I’ll be fine. Really.

But please leave the lights on.

And please tell me he’s not behind me.

Black Dove, White Raven

I was left with a warm glow of contentment on finishing Elizabeth Wein’s Black Dove, White Raven, and I would have started re-reading the book at that point if I could have. While the first pages didn’t set me off quite like Code Name Verity did, I was soon lost in the magic of flying, friendship and adventure.

Elizabeth Wein, Black Dove, White Raven

Like CNV it’s a story told through diary entries and flight log books, as well as the odd attempt at writing adventure stories by and about Black Dove and White Raven. I had imagined that they were the flying mothers of Em and Teo, but it’s really the children themselves who are telling this tale. Mainly Em, and sometimes her adopted brother Teo. Em’s voice is almost that of Verity’s. Almost.

Their mothers Delia and Rhoda are soulmates; they fly together, have babies together, live and work together, until the day Delia dies. This is America in the 1920s, so friendship between a white woman and a black woman was never going to be straightforward. Nor is the situation where Rhoda simply takes over as Teo’s mother, or when they all move to Ethiopia to live Delia’s dream.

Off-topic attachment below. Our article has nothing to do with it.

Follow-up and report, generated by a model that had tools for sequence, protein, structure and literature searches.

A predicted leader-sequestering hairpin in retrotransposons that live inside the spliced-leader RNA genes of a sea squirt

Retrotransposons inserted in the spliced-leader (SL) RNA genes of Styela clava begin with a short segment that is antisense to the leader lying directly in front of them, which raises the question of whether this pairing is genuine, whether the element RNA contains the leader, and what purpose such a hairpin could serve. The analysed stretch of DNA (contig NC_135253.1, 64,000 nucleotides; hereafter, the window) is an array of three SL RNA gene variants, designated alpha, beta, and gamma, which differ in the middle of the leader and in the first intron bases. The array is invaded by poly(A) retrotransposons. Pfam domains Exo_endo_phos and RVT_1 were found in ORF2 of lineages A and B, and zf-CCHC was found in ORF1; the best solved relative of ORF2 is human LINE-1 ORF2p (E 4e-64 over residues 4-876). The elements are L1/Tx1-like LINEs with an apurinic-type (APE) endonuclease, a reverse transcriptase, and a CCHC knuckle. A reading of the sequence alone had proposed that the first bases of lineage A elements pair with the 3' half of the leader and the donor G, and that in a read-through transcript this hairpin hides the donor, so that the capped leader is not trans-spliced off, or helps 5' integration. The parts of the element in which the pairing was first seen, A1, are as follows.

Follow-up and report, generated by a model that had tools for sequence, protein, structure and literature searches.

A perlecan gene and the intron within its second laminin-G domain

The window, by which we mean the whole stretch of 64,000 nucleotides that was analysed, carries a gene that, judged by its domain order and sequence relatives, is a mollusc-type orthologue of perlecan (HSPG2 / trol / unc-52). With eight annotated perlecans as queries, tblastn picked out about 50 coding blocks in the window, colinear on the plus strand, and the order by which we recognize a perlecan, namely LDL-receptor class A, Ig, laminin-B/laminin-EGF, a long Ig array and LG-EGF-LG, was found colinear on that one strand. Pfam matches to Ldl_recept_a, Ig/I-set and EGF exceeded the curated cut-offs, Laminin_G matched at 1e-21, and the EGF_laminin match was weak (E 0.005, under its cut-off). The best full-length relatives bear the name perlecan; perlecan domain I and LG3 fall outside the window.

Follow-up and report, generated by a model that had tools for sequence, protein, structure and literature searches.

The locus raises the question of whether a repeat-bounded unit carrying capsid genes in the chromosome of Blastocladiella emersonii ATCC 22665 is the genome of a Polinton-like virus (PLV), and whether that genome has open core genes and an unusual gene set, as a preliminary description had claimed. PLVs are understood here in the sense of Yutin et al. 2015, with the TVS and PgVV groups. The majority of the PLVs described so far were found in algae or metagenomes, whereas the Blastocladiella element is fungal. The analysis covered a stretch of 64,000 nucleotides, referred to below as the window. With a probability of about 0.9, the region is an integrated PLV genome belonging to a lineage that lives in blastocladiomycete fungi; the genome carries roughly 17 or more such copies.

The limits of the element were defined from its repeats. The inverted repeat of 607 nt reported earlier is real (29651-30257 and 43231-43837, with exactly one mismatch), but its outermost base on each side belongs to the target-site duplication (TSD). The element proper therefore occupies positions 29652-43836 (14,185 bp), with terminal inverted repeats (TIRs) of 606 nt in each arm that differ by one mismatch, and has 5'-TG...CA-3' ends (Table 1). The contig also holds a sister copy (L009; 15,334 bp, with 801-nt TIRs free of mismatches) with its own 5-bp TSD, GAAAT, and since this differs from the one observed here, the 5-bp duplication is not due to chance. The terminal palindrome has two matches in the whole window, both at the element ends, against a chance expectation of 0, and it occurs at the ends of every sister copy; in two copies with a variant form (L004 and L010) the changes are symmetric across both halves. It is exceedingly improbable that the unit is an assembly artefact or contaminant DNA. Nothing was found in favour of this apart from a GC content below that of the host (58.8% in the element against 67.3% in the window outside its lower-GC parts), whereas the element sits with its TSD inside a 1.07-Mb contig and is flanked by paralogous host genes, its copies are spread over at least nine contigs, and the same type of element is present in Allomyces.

As the book begins, Em has a problem, and the novel is her way of describing to Emperor Haile Selassie what has happened and why he must help her.

I knew very little about Ethiopia, and even less about the war in Abyssinia. It’s easy to think of that war as merely being far away and a long time ago, and almost unimportant, but Black Dove, White Raven brings it to life in a scary way. We simply have had no idea what Italy did in Africa back then.

It’s easy to say that you should write about what you know, or that fiction is about making things up, so you don’t have to. But if Elizabeth didn’t know Ethiopia, and more importantly, didn’t know how to fly, this story wouldn’t get off the ground. And it’s as well that she practised flying on the outside of planes too, or you wouldn’t believe what goes on in this book.

Black Dove, White Raven is a seductive mix of nostalgia and reality, with courage and friendship at its core. It leaves me wanting more.